Before I leave Tuscaloosa behind, I want to tell you some of my impressions of this interesting and vital southern city. After two weeks in a place, you sort of feel that you know it, although not in the way you would after living there a while. But Tom and I like to explore and we feel like we saw most of Tuscaloosa and have some ideas about the city.
Tuscaloosa has been inhabited since the 1500’s when the Native American Creek (they call themselves Muskogee) people established a village along the Black Warrior River. The city is named after Chief Tushkalusa, who led his people and was defeated in battle by Hernando de Soto in 1540 at the Battle of Mabila. The current city was founded in 1819 and now has a population of almost 100,000. Tuscaloosa is known as the “Druid City” because of the number of water oaks planted along its main boulevards. Water oaks are so-called because they have a leaf that appears to have a drop of water at the end of it. Supposedly the water oaks were revered by Druids in Celtic history, thus the nickname of the city.
Tuscaloosa was the state capital from 1826 to 1846. A series of locks and dams on the Black Warrior River opened up a waterway to the Gulf coast and business thrived. During the Civil War, Croxton’s Raiders burned all but four of the buildings at the University and faced a group of Cadets from the University as their only opposition to taking over the port. Tuscaloosa has been hit by several significant tornadoes. A tornado in 1840 destroyed most of the buildings in town. 69 tornadoes have torn through the town since 1952 with the tornado in 2011 causing the most significant damage, injuries and loss of life.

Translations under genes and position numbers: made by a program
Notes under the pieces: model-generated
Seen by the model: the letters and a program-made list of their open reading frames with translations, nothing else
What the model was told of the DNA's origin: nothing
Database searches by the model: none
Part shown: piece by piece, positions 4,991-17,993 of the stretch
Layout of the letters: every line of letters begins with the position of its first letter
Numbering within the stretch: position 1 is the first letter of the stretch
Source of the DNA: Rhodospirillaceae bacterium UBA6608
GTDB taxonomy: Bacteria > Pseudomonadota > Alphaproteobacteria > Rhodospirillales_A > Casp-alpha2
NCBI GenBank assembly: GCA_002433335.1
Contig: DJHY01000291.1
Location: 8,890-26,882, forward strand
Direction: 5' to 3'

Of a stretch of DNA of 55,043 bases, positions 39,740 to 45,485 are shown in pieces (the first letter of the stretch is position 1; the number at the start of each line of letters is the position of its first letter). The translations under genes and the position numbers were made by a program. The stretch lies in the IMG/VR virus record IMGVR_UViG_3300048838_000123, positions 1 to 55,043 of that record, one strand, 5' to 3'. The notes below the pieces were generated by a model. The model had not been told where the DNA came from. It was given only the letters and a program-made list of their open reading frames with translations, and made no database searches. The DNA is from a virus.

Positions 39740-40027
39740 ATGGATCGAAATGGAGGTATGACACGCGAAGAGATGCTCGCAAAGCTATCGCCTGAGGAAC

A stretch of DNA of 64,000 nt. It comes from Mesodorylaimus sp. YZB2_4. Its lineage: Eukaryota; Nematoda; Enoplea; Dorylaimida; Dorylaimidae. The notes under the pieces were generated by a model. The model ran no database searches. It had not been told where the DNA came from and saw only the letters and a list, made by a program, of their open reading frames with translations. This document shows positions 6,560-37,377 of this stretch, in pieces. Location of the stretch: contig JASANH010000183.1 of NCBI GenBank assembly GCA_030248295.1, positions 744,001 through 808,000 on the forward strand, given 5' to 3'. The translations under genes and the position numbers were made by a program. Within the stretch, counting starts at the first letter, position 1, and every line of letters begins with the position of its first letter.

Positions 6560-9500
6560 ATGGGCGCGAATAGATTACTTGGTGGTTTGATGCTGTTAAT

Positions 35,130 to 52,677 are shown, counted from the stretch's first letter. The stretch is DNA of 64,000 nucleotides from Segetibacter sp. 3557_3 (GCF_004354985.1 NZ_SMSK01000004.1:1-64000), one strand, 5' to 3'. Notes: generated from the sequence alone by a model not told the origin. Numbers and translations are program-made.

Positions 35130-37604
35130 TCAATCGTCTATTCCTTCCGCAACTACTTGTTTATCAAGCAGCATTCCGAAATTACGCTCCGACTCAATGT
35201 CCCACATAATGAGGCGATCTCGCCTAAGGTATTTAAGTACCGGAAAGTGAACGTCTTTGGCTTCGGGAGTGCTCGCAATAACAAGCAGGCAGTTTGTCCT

The University of Alabama, with 35,000 students is the cultural and economic heart of the town. The University was established in 1827. The campus is beautiful with dormitories, classroom buildings, and fraternity houses all made out of the same red brick in a southern colonial style. The University has all the land from University Blvd to the river, and this area is lined by eclectic shops, restaurants, and bars. There are just as many people walking along University Blvd at 11 p.m. as there are at 11 a.m. And you can forget about finding a hotel room, camping spot, or parking space on football game days.
The city has its neighborhoods – Downtown, Northport (tendy and upscale), West End, Eastside,
Cottondale, and Southside. Southside is along the interstate and has all the chain stores and restaurants. Downtown is driven by the University and has the more interesting places to eat. We enjoyed DePalma’s – some of the best Italian food anywhere – which was quite a surprise to us. We also ate a Dreamland Bar-B-Que, which is a must-see in Tuscaloosa. Southern BBQ doesn’t offer you a variety of sauces – you have the house sauce and that is it. So you either think the house sauce is the best ever or you go elsewhere. Another night we ate at Cypress Inn which was in Northport on the north side of the river. Cypress Inn is known for its “famous” white barbecue sauce, so we tried some of it and thought it tasted like a spicy ranch dressing. Not our idea of a barbecue sauce. We found a list of “100 Things to Eat in Alabama Before You Die.” It tuns out the white barbecue sauce from Cypress Inn and the ribs from Dreamland were both on the list!
We were a little disappointed that Tuscaloosa did not have any bike trails. There is one multi-use trail known as the Riverwalk along the southern and northern shores of the Black Warrior River, but it is heavily used and only three miles long. We walked along it and enjoyed it, but it would not have been suitable for our tandem.
We enjoyed our time in Tuscaloosa, especially walking around the university and trying some of the unique restaurants. It is a good place to visit if you are ever down this way.